Three hundred years ago, thousands of workers died in Russia’s Baltic swamps in the name of completing Peter the Great’s vision. St. Petersburg was to be his window on the west, designed with European order and symmetry. During the city’s construction, Peter himself inhabited a modest wooden cabin, which still stands today. St. Petersburg is home to the Winter Palace, built for Empress Elizabeth, who died in 1752 prior to the completion of this masterpiece of Russian architecture. The palace houses the Hermitage museum. Another intriguing site is the Engineer’s Castle, built by the son of Catherine the Great, whose paranoia prompted the construction of this fortress as a sanctuary against potential assassins. He lived there for just 3 days before being murdered in his own bedroom.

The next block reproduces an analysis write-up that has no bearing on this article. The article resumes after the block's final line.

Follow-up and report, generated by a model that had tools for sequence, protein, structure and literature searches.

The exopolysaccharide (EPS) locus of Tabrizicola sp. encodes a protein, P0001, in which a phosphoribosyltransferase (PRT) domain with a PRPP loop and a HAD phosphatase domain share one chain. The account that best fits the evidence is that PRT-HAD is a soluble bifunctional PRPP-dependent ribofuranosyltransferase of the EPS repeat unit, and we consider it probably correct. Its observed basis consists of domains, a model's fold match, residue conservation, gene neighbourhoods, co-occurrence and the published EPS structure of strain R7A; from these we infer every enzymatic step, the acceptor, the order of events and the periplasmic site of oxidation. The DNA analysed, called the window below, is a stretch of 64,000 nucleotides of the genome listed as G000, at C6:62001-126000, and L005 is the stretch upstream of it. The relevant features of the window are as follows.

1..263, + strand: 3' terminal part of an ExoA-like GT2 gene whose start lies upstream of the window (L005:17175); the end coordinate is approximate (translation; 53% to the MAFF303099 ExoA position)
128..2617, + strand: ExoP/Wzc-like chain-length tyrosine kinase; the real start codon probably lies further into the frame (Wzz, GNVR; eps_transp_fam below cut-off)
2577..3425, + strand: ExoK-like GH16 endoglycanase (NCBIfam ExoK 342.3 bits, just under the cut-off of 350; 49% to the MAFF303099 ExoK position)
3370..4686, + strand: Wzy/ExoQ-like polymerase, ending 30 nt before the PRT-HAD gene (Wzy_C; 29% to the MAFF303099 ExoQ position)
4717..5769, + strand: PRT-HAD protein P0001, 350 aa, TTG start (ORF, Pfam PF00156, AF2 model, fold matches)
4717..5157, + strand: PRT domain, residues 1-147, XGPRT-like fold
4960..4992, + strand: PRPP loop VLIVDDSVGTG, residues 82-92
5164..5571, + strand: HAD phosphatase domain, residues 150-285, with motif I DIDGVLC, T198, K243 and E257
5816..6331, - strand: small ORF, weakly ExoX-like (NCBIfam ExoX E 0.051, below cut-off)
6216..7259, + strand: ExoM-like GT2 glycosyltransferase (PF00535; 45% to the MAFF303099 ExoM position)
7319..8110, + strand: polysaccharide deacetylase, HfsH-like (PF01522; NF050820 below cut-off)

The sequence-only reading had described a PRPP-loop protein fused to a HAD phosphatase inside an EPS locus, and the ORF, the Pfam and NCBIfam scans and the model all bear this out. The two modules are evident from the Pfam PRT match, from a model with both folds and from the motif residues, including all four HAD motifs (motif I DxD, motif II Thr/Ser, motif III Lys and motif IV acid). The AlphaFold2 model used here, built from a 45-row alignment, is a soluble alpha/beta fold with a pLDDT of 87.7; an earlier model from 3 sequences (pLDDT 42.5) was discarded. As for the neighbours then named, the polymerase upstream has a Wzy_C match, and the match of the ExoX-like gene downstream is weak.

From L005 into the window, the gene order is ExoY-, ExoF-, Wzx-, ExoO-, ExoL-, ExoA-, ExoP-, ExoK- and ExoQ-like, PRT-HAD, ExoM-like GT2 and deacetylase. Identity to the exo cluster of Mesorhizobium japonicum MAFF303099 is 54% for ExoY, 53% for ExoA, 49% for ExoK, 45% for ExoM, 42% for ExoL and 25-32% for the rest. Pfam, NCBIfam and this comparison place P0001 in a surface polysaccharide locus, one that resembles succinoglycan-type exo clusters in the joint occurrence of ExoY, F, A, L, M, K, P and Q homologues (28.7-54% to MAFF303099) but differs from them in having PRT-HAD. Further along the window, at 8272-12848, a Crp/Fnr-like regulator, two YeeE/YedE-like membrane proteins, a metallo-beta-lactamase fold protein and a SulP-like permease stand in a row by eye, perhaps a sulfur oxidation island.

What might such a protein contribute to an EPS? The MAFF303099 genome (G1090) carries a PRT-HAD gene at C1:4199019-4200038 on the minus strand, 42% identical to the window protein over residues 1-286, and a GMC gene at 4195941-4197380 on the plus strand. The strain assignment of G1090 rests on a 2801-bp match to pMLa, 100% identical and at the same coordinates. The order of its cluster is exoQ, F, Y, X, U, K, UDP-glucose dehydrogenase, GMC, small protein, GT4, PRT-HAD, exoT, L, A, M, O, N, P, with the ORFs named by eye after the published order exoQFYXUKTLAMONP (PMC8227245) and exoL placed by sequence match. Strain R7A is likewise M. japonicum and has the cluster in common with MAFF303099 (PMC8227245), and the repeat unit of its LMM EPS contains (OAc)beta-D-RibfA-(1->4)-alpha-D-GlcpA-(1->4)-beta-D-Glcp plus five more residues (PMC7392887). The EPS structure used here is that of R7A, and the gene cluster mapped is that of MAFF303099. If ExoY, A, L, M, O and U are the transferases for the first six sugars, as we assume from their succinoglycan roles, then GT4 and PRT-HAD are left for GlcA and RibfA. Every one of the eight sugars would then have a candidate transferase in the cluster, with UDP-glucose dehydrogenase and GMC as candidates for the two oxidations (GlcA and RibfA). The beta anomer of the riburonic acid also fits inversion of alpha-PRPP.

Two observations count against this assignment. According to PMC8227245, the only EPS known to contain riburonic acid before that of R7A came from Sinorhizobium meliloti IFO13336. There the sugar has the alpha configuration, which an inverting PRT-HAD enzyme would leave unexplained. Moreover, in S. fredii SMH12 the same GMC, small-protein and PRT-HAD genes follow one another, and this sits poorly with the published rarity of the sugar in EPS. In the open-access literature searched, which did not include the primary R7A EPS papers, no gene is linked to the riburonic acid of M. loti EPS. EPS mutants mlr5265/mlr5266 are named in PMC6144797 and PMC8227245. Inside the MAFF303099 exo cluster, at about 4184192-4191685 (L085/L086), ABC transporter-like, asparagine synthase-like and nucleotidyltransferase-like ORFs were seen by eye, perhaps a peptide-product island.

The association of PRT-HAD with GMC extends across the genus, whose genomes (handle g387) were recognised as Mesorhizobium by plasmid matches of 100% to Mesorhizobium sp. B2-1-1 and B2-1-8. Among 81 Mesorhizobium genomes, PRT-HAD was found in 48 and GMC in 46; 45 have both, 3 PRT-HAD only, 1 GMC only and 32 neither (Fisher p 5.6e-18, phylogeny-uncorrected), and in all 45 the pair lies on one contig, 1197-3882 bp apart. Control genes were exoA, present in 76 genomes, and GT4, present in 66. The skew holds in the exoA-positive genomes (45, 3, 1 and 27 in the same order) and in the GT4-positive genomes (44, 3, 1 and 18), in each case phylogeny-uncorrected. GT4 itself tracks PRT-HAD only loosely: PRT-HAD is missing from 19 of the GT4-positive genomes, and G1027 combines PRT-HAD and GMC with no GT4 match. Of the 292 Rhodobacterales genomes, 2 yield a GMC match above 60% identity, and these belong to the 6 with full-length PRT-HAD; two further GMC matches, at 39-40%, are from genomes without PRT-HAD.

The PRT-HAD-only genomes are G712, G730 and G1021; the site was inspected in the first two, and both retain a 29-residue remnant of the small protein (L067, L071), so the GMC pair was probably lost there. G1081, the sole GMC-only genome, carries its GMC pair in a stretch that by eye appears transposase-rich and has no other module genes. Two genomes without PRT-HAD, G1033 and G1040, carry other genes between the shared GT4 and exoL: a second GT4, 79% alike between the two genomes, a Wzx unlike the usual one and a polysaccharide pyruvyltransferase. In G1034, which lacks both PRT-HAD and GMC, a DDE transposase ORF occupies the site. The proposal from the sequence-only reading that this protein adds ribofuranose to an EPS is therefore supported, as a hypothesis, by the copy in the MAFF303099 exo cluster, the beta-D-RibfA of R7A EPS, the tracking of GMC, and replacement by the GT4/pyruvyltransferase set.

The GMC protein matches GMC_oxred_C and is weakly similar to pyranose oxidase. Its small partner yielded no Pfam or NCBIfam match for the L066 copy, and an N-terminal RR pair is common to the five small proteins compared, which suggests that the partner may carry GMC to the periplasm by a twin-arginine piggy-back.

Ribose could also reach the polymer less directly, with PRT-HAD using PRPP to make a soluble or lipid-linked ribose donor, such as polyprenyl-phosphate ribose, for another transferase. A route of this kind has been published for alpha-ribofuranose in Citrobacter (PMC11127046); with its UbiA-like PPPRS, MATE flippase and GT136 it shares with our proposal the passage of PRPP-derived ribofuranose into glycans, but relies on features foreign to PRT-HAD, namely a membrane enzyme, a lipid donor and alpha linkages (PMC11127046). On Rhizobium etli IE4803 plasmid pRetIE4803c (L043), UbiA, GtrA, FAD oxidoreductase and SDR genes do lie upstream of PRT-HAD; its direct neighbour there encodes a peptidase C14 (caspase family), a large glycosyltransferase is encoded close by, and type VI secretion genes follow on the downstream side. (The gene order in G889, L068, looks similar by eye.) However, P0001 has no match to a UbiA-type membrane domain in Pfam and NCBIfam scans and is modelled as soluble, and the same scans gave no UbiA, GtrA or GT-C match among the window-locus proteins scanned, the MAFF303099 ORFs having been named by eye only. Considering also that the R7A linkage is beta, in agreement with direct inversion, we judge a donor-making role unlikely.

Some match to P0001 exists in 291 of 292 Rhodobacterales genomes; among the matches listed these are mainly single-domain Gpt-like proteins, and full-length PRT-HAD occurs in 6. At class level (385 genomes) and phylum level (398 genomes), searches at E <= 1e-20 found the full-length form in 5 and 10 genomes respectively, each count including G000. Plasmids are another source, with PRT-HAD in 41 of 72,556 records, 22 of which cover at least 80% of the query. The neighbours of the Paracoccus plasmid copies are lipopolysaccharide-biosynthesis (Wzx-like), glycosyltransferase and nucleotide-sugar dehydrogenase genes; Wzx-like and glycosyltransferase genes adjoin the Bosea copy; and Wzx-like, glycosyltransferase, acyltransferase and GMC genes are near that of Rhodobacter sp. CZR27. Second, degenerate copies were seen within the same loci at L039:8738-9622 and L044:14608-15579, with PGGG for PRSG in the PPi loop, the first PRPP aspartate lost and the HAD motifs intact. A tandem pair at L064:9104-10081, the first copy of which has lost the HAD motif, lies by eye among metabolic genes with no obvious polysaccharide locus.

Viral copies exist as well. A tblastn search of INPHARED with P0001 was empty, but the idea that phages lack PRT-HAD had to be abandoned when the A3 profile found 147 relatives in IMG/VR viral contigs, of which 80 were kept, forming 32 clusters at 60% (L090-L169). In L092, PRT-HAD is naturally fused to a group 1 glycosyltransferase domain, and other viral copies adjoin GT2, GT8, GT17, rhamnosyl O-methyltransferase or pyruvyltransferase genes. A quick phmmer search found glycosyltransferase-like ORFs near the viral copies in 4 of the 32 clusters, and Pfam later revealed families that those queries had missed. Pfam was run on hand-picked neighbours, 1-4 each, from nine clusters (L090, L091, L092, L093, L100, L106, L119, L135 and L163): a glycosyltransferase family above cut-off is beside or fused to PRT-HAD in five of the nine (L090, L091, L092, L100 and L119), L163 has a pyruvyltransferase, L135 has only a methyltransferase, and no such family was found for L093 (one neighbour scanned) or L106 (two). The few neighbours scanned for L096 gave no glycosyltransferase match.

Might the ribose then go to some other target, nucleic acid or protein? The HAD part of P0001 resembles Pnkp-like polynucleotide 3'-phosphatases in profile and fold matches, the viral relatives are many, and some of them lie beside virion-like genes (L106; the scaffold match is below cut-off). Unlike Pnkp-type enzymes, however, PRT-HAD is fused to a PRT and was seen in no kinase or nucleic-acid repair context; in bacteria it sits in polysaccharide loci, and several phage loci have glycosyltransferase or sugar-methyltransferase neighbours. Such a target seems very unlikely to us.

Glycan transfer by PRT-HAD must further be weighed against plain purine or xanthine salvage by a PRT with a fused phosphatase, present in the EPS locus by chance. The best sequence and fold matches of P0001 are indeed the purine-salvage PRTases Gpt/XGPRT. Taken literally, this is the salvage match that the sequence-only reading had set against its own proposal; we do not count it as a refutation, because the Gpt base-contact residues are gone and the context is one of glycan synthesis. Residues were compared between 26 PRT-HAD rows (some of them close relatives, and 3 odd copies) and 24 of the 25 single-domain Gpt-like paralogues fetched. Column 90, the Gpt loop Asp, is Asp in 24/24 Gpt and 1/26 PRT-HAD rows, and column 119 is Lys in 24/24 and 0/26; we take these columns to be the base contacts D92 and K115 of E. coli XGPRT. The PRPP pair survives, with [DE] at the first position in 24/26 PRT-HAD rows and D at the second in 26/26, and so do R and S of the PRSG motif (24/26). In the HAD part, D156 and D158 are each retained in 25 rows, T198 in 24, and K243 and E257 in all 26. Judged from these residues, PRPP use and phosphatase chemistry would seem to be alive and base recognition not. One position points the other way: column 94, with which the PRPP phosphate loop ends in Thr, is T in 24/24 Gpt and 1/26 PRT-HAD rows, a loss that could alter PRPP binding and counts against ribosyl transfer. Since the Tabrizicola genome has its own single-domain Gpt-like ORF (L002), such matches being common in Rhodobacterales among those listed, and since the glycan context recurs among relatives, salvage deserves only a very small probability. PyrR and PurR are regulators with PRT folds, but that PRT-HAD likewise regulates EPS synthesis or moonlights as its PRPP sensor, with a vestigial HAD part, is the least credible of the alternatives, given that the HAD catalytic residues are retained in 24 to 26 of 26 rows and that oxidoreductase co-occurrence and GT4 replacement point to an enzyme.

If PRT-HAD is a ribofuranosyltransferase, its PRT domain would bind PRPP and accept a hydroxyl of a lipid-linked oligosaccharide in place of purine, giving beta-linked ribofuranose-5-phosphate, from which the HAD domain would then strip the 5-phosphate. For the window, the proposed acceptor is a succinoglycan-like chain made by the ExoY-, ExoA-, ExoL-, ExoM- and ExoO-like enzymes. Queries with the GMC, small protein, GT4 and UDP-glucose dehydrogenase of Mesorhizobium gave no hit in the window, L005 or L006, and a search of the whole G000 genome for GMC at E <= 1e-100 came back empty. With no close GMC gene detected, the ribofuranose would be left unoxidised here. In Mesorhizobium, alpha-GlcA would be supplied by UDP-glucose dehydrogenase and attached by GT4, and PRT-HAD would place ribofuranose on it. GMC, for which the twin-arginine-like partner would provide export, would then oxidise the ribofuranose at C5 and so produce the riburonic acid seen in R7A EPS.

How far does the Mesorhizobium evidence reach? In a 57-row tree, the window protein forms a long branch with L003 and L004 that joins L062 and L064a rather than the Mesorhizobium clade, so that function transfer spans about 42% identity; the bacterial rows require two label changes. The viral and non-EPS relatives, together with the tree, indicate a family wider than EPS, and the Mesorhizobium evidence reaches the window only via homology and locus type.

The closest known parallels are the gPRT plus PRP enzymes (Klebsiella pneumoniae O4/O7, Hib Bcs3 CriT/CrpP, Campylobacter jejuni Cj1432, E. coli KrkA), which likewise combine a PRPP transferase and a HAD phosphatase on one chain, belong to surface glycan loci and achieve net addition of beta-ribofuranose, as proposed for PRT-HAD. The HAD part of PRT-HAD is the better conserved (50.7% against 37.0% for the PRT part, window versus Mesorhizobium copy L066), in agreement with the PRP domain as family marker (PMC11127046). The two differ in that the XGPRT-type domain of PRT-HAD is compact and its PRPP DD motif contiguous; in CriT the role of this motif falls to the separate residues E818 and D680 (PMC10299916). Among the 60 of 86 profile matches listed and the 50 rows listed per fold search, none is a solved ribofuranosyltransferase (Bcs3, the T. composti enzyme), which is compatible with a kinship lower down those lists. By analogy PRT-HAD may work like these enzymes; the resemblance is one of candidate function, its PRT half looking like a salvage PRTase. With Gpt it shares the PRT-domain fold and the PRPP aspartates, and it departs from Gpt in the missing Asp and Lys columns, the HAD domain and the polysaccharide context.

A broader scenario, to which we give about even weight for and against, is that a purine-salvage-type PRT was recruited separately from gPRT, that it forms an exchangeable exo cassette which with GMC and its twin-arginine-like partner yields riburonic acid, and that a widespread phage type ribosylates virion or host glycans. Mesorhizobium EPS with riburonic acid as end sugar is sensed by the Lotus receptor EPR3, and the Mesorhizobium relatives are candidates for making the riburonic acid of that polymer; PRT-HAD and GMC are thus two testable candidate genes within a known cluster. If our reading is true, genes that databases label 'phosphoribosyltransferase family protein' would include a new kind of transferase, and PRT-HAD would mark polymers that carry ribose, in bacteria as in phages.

St. Petersburg is widely regarded as Russia’s center of culture. Its climate is characterized by bright, brittle winters and endless “White Nights” in the summer. The Mariinsky Theatre is home to the Kirov ballet, whose principal dancers included Vasily Nijinsky. Its hotels and restaurants have been described as superior to those of Moscow, and its history is equally rich and tumultuous.